What is Budget Reconciliation?

In the coming weeks, Democrats may use a process called budget reconciliation to pass the $1.9 trillion Covid Relief Package. Budget reconciliation is a legislative process created by the Congressional Budget Act of 1974. Since budget reconciliation is not subject to the filibuster, it allows the Senate majority to pass certain tax, spending, and debt limit legislation with a simple majority vote, rather than the three-fifths majority needed to end a filibuster and bring a bill to the floor for a vote.

The Congressional Budget Act permits using reconciliation for legislation that changes spending, revenues, and the federal debt limit. On the spending side, reconciliation can be used to address mandatory or spending - such as Medicare, Medicaid, federal civilian and military retirement, SNAP (formerly known as food stamps), and farm programs — but not Social Security.

Since the mid-1980s, Senate rules have prohibited including provisions in reconciliation legislation that are extraneous to the budget. This is known as the Byrd Rule. Another limitation of using reconciliation is that before a final vote occurs, senators can offer an unlimited number of amendments to the resolution in a process referred to as a "vote-a-rama”, a time-consuming process that allows senators to highlight issues important to them and try to score political points by forcing politically sensitive votes on their opponents.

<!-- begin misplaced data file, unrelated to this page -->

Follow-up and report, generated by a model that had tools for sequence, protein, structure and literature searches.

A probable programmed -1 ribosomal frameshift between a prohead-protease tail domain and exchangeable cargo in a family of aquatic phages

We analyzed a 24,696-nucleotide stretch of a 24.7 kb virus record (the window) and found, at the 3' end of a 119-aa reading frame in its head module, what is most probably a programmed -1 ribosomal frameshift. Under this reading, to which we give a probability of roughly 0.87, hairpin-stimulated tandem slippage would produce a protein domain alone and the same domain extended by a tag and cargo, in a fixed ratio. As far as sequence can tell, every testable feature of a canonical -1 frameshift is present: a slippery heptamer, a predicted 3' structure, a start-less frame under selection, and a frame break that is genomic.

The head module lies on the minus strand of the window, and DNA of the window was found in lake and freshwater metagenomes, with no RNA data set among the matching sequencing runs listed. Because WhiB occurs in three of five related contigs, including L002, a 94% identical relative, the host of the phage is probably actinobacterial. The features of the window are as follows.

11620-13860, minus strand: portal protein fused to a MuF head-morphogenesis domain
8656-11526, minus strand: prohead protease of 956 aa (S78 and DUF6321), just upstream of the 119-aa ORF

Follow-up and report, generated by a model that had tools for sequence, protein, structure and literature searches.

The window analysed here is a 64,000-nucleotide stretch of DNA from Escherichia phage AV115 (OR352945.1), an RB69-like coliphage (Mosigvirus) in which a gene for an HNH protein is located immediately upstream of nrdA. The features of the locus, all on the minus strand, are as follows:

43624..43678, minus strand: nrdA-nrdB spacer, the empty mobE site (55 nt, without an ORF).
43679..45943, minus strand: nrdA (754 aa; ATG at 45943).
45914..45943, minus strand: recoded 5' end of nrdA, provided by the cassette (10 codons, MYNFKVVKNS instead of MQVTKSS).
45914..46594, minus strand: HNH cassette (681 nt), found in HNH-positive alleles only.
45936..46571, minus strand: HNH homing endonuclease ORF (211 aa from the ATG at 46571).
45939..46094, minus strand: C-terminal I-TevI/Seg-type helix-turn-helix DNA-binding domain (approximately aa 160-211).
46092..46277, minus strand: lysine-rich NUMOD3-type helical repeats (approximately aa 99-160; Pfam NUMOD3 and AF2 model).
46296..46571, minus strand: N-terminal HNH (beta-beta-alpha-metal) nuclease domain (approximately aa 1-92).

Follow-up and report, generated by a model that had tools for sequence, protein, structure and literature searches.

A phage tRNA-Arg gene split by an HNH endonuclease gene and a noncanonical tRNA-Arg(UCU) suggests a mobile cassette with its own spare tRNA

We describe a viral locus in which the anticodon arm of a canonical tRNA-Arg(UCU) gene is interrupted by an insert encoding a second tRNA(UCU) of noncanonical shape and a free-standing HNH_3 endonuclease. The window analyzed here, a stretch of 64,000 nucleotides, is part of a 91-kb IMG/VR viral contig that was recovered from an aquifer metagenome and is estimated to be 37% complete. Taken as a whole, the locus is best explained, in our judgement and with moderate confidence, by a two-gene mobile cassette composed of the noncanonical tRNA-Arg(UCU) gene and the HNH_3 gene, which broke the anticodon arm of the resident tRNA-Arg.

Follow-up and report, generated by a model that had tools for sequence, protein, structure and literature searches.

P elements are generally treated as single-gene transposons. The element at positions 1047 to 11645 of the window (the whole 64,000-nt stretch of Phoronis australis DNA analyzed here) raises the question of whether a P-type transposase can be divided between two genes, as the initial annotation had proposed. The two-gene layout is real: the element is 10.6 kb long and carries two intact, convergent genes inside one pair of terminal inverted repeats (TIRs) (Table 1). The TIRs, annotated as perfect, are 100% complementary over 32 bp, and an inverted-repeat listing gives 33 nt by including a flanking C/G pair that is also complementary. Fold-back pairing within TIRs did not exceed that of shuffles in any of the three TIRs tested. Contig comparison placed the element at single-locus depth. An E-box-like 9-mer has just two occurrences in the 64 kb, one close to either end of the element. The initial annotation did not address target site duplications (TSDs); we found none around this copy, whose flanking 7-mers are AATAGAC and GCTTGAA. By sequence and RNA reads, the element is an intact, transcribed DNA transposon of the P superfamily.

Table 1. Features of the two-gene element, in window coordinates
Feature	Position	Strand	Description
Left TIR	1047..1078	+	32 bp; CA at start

Budget reconciliation was established in 1974 and has been used somewhat frequently since then. Most notably,  reconciliation was used in 2010 to amend the Affordable Care Act and Republicans tried to use Reconciliation to repeal the ACA in 2017 (an attempt that failed). After the failure of ACA repeal, Republicans used Reconciliation to pass the 2017 tax cuts.

While Congress typically considers one budget reconciliation process each year, there have been scenarios in which Congress has passed two budget resolutions - one for the fiscal year already underway, and one for the next fiscal year. As an example, in 2017, Congress used the fiscal year 2017 budget resolution to trigger a reconciliation bill intended to repeal the Affordable Care Act, and then, later that year, used the fiscal year 2018 resolution to trigger a tax-cutting reconciliation bill.

Since Congress did not adopt a budget resolution in fiscal year 2021, it has an opportunity to generate two reconciliation bills this year.  Congress will be able to use the overdue budget resolution for fiscal year 2021 to generate an initial reconciliation bill, and then generate a second reconciliation bill when it takes up a budget resolution for fiscal year 2022 (which begins on October 1, 2021).

Expect some sort of action on the COVID Relief package before March 15th when unemployment benefits from the last package run out. If Republicans indicate they will block or filibuster the package, Democrats will be able to tie it to a budget measure and invoke the reconciliation process to move the bill forward without any Republican support.

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